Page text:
In a new article, Dr. Vincent Mor, an NIH Collaboratory investigator, and Dr. Paul Wallace describe the history, current status, and opportunities for funding training in health services research (HSR). While the number of organizations seeking to solve problems with health services research has been expanding, direct government support for HSR is declining. The authors project 5 key challenges for the field and its professional development:
- Formulating and prioritizing research topics
- Whether to use team- or individual-based approaches
- How new data sources, analytic methods, and the need for faster results affect supply and demand for HSR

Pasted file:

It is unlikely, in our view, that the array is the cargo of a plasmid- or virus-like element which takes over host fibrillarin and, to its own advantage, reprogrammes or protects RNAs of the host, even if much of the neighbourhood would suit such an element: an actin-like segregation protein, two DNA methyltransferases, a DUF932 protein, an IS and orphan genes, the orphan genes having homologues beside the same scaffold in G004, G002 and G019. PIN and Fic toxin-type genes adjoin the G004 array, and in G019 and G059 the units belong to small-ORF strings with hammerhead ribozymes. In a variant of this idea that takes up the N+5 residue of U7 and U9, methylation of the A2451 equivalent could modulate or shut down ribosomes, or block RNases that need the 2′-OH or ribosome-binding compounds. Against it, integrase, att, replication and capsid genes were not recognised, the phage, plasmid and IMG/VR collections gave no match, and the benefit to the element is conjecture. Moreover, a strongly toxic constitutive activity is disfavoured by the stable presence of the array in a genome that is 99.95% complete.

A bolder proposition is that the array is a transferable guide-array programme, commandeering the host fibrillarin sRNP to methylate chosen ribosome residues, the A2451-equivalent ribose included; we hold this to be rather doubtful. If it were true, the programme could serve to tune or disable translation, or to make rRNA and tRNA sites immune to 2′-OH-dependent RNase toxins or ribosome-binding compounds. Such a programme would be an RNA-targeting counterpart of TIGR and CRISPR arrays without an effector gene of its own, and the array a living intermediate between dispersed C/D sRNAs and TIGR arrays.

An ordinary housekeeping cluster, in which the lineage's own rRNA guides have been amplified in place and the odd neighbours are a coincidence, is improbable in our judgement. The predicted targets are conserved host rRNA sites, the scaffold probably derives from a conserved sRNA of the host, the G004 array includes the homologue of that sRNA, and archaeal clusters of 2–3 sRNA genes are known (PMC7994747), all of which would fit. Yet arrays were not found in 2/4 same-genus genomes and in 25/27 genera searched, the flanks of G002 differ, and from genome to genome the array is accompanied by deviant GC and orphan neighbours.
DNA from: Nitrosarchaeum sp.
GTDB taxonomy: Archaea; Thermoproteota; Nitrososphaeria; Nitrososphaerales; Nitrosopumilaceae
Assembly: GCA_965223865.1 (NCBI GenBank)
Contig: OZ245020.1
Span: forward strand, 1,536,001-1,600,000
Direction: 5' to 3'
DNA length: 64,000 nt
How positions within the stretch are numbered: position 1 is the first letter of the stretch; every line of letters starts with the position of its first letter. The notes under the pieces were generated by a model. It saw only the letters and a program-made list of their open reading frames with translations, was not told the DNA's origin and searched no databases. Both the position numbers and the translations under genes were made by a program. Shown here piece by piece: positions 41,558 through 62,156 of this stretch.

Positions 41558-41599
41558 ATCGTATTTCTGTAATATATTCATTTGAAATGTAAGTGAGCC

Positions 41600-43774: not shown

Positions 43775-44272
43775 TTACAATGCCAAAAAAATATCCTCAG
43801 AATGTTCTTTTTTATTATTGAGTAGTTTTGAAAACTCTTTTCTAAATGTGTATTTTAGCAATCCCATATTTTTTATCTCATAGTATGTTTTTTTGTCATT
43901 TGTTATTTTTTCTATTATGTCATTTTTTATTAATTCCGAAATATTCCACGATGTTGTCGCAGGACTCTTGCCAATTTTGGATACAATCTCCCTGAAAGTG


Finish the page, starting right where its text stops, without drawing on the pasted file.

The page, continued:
- Shifts from public to institutional funding and the associated effects on generalizability
- Balancing proprietary concerns regarding data, predictive models, and study results with the need to improve public health and rapidly disseminate information
According to the authors, sustainable solution will involve active collaboration between those who use HSR as a part of decision-making (and will likely pay for it) and those who produce it.
“We believe that the key change needed to productively address the above challenges will be a closer collaboration between HSR users, especially health systems, and academic HSR training programs to work towards producing timely, internally relevant, and externally generalizable knowledge (Mor and Wallace 2018).”
Dr. Mor is a principal investigator for the Pragmatic Trial of Video Education in Nursing Homes (PROVEN) trial, one of the NIH Collaboratory Demonstration Projects.
Mor V, Wallace P. 2018. Funding the Training of Future Health Services Researchers. Health Services Research. doi:10.1111/1475-6773.12844.